The Watergy Nexus: A New Report On Adding Water to the Energy Agenda

I recently read a new report entitled “The Water-Energy Nexus: Adding Water to the Energy Agenda,” by Diana Glassman, Michele Wucker, Tanushree Isaacman, and Corinne Champilou (New York: World Policy Institute and EBG Capital, March 2011.).  As it noted, “…as new energy policies are emerging– is the time to consider water. Energy decisions are a series of complex tradeoff decisions between water, national security, cost, and carbon. Furthermore, energy is inextricably linked with agriculture (biofuels consume more than one third of the US corn crop) and forests (increased demand for energy crops may drive conversion of forests into agricultural land). As a result, policy makers and leaders across all sectors of society also must consider national security, cost, and carbon consequences of energy’s impact on agriculture and forests.”  Here is the executive summary:

The competition between water and energy needs represents a critical business, security, and environmental issue, but has not yet received the attention that it merits. Energy production consumes significant amounts of water; providing water, in turn, consumes energy. In a world where water scarcity is a major and growing challenge, meeting future energy needs depends on water availability –and meeting water needs depends on wise energy policy decisions.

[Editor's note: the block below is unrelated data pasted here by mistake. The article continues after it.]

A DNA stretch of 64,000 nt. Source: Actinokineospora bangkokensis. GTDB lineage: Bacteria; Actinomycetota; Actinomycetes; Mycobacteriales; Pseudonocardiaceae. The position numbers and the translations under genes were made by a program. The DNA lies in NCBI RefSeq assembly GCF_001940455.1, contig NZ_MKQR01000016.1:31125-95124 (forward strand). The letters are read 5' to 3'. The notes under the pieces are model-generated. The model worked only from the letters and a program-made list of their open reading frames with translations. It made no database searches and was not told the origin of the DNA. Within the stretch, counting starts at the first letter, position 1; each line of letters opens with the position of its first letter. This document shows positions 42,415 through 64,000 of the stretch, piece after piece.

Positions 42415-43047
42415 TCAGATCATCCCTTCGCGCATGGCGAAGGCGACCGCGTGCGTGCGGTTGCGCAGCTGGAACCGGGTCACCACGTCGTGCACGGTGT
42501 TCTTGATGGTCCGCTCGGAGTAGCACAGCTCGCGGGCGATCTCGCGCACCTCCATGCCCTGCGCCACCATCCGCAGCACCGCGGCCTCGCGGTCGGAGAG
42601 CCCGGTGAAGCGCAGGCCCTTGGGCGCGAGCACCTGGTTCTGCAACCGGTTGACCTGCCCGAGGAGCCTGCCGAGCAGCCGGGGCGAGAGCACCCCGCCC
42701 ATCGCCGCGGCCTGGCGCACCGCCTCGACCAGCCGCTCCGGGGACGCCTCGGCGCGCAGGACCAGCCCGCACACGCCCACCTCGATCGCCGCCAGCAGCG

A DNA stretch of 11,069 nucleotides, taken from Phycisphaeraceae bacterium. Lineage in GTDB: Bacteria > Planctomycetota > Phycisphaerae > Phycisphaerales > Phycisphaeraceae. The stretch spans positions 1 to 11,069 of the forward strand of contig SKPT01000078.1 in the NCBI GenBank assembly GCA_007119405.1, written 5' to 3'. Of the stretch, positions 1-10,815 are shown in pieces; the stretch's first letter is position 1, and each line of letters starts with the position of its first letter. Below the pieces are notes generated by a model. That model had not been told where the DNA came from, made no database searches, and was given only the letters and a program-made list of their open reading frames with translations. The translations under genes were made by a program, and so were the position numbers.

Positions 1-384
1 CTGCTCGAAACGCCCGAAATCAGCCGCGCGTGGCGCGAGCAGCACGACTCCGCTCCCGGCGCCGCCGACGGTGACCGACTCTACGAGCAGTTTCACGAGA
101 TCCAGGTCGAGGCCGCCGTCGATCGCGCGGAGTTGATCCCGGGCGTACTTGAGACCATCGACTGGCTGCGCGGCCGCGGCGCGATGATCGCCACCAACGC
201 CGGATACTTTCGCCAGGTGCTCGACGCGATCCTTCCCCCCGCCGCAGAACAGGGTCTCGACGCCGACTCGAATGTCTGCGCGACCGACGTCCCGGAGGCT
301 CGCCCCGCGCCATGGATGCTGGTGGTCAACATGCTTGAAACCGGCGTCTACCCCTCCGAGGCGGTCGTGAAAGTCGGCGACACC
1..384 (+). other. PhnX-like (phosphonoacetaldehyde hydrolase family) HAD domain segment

Competition for water among municipalities, farmers, industrial and power suppliers is already evident in a range of locations, particularly in the Southwest United States but also around the world.  As water tables decline, the Organization for Economic Cooperation and Development estimates that 2.8 billion people—nearly half of the world’s population– live in areas of high water stress, rising to 3.9 billion by 2030 if present trends continue.   As cities grow, municipal water demands will increase.   As populations rise and increase their consumption of meat, agricultural competition for water will intensify.